Predictors for viral load in a resource limited setting: A case study of TASO Mulago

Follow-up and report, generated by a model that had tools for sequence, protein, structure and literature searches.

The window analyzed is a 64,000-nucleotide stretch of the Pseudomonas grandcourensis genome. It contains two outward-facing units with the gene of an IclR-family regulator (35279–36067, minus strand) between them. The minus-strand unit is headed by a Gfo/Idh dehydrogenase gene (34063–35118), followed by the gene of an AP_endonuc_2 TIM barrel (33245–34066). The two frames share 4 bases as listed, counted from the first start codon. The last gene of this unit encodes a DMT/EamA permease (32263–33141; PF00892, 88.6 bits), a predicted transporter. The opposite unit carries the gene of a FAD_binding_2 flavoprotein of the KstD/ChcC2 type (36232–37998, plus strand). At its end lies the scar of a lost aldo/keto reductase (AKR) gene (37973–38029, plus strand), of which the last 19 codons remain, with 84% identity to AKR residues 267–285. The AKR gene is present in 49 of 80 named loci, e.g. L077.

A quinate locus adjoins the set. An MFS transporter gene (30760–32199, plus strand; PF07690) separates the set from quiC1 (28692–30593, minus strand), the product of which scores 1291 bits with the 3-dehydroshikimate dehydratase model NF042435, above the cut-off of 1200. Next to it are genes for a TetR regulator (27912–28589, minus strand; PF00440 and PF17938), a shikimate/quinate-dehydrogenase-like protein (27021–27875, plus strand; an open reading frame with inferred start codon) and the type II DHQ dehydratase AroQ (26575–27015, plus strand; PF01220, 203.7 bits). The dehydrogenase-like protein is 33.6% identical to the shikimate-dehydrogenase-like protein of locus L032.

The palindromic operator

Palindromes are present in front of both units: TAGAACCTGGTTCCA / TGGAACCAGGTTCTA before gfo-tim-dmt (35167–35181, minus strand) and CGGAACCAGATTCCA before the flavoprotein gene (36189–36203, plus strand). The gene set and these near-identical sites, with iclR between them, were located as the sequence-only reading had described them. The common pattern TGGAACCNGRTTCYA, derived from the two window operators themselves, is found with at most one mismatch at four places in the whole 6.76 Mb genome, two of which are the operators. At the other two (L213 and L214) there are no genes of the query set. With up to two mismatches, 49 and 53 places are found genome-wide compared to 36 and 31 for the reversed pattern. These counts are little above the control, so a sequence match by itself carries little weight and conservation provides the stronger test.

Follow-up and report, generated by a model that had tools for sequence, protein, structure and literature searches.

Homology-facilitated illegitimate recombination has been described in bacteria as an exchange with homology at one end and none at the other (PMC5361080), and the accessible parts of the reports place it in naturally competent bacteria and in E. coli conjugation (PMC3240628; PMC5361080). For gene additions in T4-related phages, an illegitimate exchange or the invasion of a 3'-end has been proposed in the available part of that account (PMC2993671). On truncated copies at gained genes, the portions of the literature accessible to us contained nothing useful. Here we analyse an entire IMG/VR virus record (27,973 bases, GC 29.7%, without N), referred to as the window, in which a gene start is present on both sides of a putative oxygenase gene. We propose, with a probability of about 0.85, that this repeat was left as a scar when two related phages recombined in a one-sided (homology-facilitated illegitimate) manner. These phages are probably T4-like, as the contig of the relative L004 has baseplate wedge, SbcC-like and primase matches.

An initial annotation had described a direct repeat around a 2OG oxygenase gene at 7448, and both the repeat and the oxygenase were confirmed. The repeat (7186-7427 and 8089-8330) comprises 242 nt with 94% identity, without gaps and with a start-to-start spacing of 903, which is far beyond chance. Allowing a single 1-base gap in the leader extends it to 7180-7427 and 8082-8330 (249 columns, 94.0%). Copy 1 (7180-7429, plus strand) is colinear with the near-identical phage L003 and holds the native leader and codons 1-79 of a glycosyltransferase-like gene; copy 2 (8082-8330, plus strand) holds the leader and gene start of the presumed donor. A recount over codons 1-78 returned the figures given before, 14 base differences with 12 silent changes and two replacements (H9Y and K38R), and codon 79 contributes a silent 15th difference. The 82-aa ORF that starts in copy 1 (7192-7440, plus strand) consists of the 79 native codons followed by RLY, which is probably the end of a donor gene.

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The burden of human immunodeficiency virus (HIV) response in resource-poor countries is extensive, and a large proportion of HIV patients rely on accessing health care services in rural and underserved areas that do not have the capacity or capability to determine CD4 cell counts and viral loads for monitoring HIV disease progression (Mwamburi, Ghosh, Fauntleroy, Gorbach, & Wanke, 2005). In rural Uganda, return of viral load test results from ministry of health (MoH) for persons living with HIV is after 2 weeks, and these tests are usually done annually. This leaves progression to symptoms (“2. 9 History of viral load tests | Training manual | HIV i-Base,” n.d.) as the only indicator for failure to Viral Load Suppression (VLS) during the lag between collecting samples and return of test results. Therefore, models to predict VLS and to minimize the lag between sample collection and return of results are needed in rural Uganda.